Chemistry Internships


An internship in chemistry provides a carefully monitored work experience, usually in a laboratory setting, in which a student pursues a set of educational goals comparable in scope to a laboratory course at the College

A key to student success in college is active involvement in the educational process. For some students, this involvement occurs in the context of formal work experience having a different set of priorities, techniques, goals, and time schedules than the college environment. Internships can be closely related to courses in the Chemistry Department or can provide experience in areas unavailable at the College. They can be volunteer opportunities, or for pay. Internships also provide an on-the-job experience that can facilitate finding a position after graduation. Students can earn academic credit while they:

  • gain practical experience,
  • discover their professional strengths and weaknesses,
  • evaluate career paths,
  • interact with working chemists, and
  • develop a sense of professional responsibility.



The work experience must include non-repetitive laboratory work in order that it provides a continuous learning experience. Appropriate topics include, for example:

  • sampling techniques
  • project development
  • method development
  • troubleshooting
  • synthesis
  • Good Laboratory Practices
  • regulatory compliance
  • formulation methods
  • materials or compounds

An On-Site Supervisor at the place of employment or service must be willing to work with the student to be certain that the educational goals are met, and a Faculty Internship Advisor in the chemistry department also monitors the internship experience.

The internship for a given semester will cover a specified time period, even though the employment or volunteer experience may continue after that period. The amount of academic credit awarded is based upon the amount of learning covered by the experience. A typical internship will require at least 100 hours on the job for each hour of academic credit.

The student must meet with the Faculty Internship Advisor as indicated in the Internship Agreement Form and fulfill other requirements specified on the form. Those requirements typically include reading assignments, monthly reports, and a summary paper sufficiently detailed to demonstrate mastery of the goals. A typical paper would be 10 pages long for each hour of credit earned.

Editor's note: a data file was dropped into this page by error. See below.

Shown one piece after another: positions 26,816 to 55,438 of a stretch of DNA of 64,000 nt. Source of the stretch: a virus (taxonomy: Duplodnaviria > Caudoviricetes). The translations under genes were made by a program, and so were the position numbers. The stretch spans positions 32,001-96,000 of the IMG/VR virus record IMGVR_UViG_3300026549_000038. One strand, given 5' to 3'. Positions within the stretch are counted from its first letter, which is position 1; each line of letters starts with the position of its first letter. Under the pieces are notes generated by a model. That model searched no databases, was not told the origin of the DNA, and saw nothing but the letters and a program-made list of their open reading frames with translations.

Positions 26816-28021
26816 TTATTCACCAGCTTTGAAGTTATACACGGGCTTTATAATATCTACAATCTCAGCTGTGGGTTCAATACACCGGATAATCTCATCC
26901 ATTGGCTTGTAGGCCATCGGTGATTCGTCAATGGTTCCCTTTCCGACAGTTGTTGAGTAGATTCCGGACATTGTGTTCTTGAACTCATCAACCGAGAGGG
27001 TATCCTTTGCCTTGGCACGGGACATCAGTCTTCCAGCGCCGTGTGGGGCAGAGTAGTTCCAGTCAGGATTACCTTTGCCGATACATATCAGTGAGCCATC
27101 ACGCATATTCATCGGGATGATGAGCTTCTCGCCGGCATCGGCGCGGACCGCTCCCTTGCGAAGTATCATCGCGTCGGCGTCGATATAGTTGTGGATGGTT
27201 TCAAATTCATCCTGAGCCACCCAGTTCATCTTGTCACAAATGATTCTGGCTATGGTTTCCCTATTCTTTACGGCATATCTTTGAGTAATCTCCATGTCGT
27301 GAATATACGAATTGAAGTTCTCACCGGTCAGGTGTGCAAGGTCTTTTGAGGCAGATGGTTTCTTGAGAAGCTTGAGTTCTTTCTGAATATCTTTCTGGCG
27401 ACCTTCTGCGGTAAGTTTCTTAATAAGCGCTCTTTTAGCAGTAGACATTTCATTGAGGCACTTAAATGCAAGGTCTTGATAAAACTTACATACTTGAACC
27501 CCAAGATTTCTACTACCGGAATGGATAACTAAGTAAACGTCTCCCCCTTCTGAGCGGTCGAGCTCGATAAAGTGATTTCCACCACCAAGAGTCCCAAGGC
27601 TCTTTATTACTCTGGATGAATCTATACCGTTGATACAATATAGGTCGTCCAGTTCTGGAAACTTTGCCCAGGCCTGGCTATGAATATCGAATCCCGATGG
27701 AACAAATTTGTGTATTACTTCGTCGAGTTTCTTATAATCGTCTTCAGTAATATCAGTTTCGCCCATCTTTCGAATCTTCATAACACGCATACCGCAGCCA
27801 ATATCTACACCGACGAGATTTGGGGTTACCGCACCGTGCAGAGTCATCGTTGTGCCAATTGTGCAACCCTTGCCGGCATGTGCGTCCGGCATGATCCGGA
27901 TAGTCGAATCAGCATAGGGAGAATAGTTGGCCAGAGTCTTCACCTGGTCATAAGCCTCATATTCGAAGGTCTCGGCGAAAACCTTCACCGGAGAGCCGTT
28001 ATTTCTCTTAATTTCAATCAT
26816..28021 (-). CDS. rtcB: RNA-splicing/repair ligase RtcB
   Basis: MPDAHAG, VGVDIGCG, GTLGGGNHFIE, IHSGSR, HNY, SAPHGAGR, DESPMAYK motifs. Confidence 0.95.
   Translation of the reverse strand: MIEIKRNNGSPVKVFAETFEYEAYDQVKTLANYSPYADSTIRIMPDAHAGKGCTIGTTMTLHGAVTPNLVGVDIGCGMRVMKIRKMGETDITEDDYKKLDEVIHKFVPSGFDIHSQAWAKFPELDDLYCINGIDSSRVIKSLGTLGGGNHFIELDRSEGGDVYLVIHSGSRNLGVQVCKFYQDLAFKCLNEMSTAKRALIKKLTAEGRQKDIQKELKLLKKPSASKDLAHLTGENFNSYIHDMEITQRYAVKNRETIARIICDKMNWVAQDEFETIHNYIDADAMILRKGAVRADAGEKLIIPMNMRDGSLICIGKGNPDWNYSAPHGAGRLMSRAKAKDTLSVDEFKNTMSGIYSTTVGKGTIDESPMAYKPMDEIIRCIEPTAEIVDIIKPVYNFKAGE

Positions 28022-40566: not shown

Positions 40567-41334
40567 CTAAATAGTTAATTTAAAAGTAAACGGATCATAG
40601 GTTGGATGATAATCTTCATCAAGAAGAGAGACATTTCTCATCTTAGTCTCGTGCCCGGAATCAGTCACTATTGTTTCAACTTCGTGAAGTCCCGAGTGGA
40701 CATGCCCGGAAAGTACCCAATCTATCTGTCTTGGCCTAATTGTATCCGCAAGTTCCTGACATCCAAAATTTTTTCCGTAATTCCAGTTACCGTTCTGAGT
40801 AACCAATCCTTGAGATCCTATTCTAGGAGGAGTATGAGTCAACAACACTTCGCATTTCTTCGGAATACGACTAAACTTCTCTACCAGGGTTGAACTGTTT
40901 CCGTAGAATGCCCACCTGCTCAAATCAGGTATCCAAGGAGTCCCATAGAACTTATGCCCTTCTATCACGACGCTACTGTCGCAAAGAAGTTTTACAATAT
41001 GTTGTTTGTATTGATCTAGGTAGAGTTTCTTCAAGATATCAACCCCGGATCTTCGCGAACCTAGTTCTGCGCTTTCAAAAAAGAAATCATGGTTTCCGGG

Students pay normal fees to the College based upon the number of credit hours for which they register. Credit hours from internship programs are treated no differently than other academic credits.


College Form

The College has an Internship Agreement Form through the Registrar which must be completed by the student, the Faculty Internship Advisor, and the On-Site Supervisor. For internship programs that fulfill requirements in a major, a minor, or a certificate, the form requires the signature of the appropriate departmental chair(s).

Recent Student Internships

Joseph Anton spent the summer working as a computational chemist with Conifer Point Pharmaceuticals. Joseph used advanced computational programs to model new molecules with various fragments that would interact well with a target protein. The goal is that they would eventually be tested and developed into a new drug.

Madeline Gingrich spent the summer at Los Alamos National Laboratory working with the physical chemistry group with a focus on spectroscopy.

Nicole Gross interned at AquaPhoenix Scientific located in Hanover, PA as a chemist in their production laboratory. Nicole gained valuable experience and exposure to the techniques and environment of an industrial chemistry lab.

Wyatt Zimmerman did an internship with Eurofins in sample administration. Wyatt processed and tested samples for various Eurofins clients.